Revolutionaries challenge established powers. This starts by asking a few, often simple, questions and then proceeds, if it indeed it reaches that key stage, into a struggle that redefines the limits of the revolutionaries’ will power. Success will make them remembered by following generations, however it is their struggle that will make them great. For without it, there would be nothing.
Martin Luther is one of history’s most famous revolutionaries. His daring to ask certain unorthodox questions led to the Protestant Reformation, which, in turn, led to the Roman Catholic Counter-Reformation, and both redefined the Christian faith and its followers.
The 2003 film Luther is a dramatization of the German’s life. It remains reasonably faithful to his life story, the key part of it that it covers, but it also makes some key omissions and in the end reduces Luther’s message to a contemporary humanist level.
There is a clever device right in the film’s opening credits: the film’s title first appears as Luther’s signature – it is literally “written” onto the screen – before the conventional printed title appears. A signature is supposed to connote authenticity. As if it is Martin Luther himself telling the story.
We then see a young man scared for his life in the middle of field as a furious thunderstorm is raging. The young man says that he will give his life to serving God if only his life be spared. This is Martin Luther. He keeps promise and begins to study theology and soon joins the priesthood. During his first mass, young Luther seems taken in by light streaming through the stained glass window above – is it wonder? awe? – and it causes him to fumble his first mass, much to his father’s dissatisfaction. Luther’s father even doubts his son’s motivations for becoming a priest, but the young priest only relents.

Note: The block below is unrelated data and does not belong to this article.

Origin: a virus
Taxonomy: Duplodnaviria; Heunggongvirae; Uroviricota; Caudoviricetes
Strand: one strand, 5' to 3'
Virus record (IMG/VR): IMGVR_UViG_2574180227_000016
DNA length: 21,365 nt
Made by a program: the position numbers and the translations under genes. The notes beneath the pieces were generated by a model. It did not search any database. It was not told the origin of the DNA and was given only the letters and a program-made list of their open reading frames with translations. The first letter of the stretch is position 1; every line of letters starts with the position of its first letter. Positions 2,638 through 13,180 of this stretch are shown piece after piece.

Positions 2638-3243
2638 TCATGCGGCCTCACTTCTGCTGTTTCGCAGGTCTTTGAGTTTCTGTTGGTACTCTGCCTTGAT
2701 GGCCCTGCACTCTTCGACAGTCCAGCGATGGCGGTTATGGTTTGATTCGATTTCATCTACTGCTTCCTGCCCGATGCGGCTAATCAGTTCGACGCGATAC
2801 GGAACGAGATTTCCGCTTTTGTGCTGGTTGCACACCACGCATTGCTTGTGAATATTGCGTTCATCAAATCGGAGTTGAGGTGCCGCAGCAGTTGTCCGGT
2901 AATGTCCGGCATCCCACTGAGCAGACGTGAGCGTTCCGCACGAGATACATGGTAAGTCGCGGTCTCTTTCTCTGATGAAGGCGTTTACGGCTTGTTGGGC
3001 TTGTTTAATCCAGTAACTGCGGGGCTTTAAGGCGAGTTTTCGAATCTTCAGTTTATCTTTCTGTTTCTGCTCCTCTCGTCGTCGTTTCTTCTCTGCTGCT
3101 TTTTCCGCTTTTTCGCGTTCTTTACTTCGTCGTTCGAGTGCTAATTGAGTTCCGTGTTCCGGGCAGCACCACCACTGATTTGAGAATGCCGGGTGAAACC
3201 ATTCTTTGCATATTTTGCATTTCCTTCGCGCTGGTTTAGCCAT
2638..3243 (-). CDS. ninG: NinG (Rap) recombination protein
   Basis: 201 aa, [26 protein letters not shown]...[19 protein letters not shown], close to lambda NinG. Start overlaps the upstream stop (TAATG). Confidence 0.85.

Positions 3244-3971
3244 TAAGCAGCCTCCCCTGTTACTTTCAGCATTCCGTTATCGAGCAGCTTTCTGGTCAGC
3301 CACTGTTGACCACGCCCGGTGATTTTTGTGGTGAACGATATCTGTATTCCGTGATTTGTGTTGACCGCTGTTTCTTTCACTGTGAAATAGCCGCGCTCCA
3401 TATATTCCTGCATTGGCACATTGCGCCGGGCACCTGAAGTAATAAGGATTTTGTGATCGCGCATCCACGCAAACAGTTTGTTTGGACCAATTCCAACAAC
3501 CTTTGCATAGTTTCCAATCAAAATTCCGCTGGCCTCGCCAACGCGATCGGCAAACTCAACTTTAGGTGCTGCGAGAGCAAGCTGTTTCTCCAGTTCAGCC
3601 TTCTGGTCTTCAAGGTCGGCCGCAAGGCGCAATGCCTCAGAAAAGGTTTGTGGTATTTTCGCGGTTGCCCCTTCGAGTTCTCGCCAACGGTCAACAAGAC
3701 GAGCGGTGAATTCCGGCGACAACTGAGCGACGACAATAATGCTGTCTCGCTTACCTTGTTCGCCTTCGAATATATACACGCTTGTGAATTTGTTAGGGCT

He enters into an abbey and soon finds himself on his first pilgrimage to Rome. It is right there, in the center of Christendom, that he sees what will set the course for the rest of his life. In the church, before when he fumbled the mass, Luther saw a glimpse of his ideal – a direct connection to God, a personal connection that one faithful person can experience and learn from; now in Rome, Luther sees what he feels that the faithful need to move away from – these are the infamous “indulgences” and the market that deals with them. Much to Luther’s surprise, it is possible, according to Roman Law, to buy one’s way into Heaven. Or to shorten your dead relatives’ time in Purgatory, or even release them early. As Johann Tetzel, salesman of indulgences, puts it: “Coin in the coffer rings, a soul from Purgatory springs” thereby effectively reducing the idea of spiritual salvation down to an advertising slogan. Luther quickly sees the absurdity, hypocrisy and downright ignobility in the selling of indulgences. He even says that the indulgence certificate received upon purchase is “just paper.”
Interestingly, when Tetzel is first shown holding one of these certificates (or “guarantees” or whatnot), he shot is framed so that it is seen through fire – a not so subtle connection to the fear-mongering hellfire speech that he had just given in that scene in order to scare peasants into buying his indulgences.
Throughout the film, Luther is framed with sunlight in key scenes. This can be first seen when he is scrubbing the floors of his abbey, making them very sparkly and clean and his mentor even jokes that he is working himself to hard. This scene comes after Luther’s first trip to Rome and he was angry with all the hypocrisy that he saw, which included monks buying sex and a glimpse of Papal pomp. In the scrubbing scene, after his mentor’s bit of humor, Luther hoists himself up from the floor and then while still kneeling he is framed to match a tall sun lit window in the back and the floor he scrubbed shines bright. It is a brief scene, but a very telling one in that it gets to the essence of Luther’s struggle: it is the effort that counts, not the money. Luther sought to teach that Christians can make themselves free from sin by emulating Christ, through the effort of faith and the rejection of materialism like indulgences and idol worship.